Share it! Science : International Sloth Day: Amazing Adaptations Activity

International Sloth Day: Amazing Adaptations Activity

Sloth image by Sergiodelgado (Own work) [CC BY-SA 3.0 or GFDL], via Wikimedia Commons
October 20th is International Sloth Day. Although it seems there is a day for everything now, once you learn more about sloths you'll see that they are worth celebrating! We'll investigate some of the awesome adaptations of the sloth, and share a fun adaptations activity. Then check out a bunch of other great links to fun sloth activities! 

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Sloths are native to South America where they spend most of their time in the trees. You probably associate sloths with being slow or lazy. There is a reason for that! Although sloths are not speedy, they have amazing adaptations allowing them to live successfully in their niche in tropical forests.

What is an adaptation exactly? Adaptations are like a animal or plant's "special features". Adaptations are the way a plant or animal is built or behaves that helps it to survive in its habitat. A plant's thorns, or a duck's waterproof feathers are both examples of adaptations.

Do not be confused by the use of the word "adapt". Animals are not able to quickly adapt to a change in their habitat. For example, if the temperature dips to colder than usual they can't instantly grow fur to keep them warm. Adaptations are changes that have taken place over many generations suiting the animal or plant best for its environment.

Sloths have some AMAZING adaptations!

Sloth eating. By Christian Mehlf├╝hrer, User: Chmehl (Own work) [CC BY 2.5], via Wikimedia Commons
As a sloth's diet consists mostly of leaves, they do not get much nutrition or energy from their food. In order to deal with this they have a stomach with many compartments to help slowly break down the leaves. About 2/3 of a healthy sloth's body weight consists of the contents of their stomach! It can take up to a month to digest their leafy diet.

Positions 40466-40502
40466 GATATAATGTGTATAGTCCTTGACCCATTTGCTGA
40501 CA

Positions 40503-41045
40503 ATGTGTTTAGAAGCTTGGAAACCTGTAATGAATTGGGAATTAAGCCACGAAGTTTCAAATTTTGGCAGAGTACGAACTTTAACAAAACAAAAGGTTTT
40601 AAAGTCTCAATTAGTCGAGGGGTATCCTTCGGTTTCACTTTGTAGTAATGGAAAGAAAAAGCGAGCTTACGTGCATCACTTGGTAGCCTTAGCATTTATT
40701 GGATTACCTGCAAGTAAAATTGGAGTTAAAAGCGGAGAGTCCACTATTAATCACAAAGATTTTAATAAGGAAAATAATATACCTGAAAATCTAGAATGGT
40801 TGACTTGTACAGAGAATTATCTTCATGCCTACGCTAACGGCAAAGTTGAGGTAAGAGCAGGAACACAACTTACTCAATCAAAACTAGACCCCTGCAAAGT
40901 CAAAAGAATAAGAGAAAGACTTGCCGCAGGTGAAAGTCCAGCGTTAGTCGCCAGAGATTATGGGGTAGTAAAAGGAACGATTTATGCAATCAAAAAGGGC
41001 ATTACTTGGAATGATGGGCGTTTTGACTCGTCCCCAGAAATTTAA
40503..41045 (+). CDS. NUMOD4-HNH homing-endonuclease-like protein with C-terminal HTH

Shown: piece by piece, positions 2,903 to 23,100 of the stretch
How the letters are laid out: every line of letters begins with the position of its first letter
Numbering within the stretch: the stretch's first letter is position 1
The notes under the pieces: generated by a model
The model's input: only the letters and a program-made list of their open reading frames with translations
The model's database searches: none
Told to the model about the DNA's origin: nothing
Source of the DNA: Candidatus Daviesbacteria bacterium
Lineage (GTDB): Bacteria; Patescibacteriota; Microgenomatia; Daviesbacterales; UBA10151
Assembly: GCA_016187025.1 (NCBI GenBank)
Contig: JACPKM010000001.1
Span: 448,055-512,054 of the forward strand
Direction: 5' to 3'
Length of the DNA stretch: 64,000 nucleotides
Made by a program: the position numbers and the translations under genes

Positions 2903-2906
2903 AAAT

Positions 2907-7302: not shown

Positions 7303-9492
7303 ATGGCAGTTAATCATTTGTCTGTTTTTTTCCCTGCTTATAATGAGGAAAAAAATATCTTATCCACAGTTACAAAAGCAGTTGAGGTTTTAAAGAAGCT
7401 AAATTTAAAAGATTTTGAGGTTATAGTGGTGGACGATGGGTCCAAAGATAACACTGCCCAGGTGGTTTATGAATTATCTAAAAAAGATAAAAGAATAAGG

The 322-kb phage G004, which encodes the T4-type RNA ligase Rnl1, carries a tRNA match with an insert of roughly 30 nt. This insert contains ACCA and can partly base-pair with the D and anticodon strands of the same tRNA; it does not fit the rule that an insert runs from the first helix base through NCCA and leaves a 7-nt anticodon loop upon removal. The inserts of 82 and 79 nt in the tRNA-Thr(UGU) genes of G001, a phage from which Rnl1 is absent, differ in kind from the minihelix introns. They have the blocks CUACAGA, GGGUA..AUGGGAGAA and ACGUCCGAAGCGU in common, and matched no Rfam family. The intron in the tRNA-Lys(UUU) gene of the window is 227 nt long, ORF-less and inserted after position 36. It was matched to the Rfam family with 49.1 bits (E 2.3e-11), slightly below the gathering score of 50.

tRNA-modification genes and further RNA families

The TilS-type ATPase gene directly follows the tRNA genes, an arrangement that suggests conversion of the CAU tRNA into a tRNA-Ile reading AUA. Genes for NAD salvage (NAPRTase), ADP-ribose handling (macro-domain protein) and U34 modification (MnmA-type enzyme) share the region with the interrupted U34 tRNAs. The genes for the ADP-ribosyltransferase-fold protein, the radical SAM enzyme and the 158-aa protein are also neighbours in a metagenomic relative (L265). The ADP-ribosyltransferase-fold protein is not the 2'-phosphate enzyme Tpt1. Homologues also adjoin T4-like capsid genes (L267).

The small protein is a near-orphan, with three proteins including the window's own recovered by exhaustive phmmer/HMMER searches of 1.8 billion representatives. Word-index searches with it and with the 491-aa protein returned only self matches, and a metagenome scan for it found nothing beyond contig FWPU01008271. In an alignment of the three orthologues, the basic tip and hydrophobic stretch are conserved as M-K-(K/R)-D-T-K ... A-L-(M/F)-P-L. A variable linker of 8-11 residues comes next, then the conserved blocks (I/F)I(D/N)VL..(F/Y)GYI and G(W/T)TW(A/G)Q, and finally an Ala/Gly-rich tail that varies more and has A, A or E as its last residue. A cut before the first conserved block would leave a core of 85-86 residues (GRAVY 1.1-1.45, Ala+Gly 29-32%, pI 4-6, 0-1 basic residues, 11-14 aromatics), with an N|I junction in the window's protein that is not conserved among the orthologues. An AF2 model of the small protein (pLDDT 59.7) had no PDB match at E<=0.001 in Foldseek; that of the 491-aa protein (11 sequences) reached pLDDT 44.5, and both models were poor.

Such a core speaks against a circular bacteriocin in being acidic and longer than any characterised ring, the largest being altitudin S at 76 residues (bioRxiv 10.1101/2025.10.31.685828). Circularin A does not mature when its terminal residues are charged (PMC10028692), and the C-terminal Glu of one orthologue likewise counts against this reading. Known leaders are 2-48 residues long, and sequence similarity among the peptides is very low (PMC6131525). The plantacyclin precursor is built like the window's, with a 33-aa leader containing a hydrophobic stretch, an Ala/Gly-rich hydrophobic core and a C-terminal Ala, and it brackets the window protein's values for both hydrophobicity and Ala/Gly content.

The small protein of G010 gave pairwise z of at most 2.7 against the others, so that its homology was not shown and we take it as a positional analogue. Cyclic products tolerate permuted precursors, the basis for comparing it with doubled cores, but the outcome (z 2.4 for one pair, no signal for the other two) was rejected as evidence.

Since a sloth's digestive system is so slow and their food does not provide a lot of energy, they have adaptations to make up for this. They have very slow metabolisms, about 1/2 of what you would expect for an animal of their size. Their body temperatures are very low- only about 30 degrees Celsius, or 86 degrees Fahrenheit when they are active, even lower when they are at rest! Sloths do not move quickly, because they do not have the extra energy to waste!

By Stefan Laube (Tauchgurke) [Public domain], via Wikimedia Commons
Sloth fur is specialized to help protect them as they hang upside down in trees. A sloth's outer fur points in the opposite direction of most mammals- away from their extremities- to protect them from the elements. A sloth living in moist conditions shares its fur with 2 different species of symbiotic cyanobacteria. This cyanobacteria gives the sloth's fur a greenish tinge, which helps to keep it camouflaged.

Besides staying camouflaged and only leaving their spot in the trees once in a while to relieve themselves, the sloth does not have too many adaptations for protection. Their claws are basically their only line of defense if they are actively being attacked. The main predators of sloths are jaguars, harpy eagles and humans.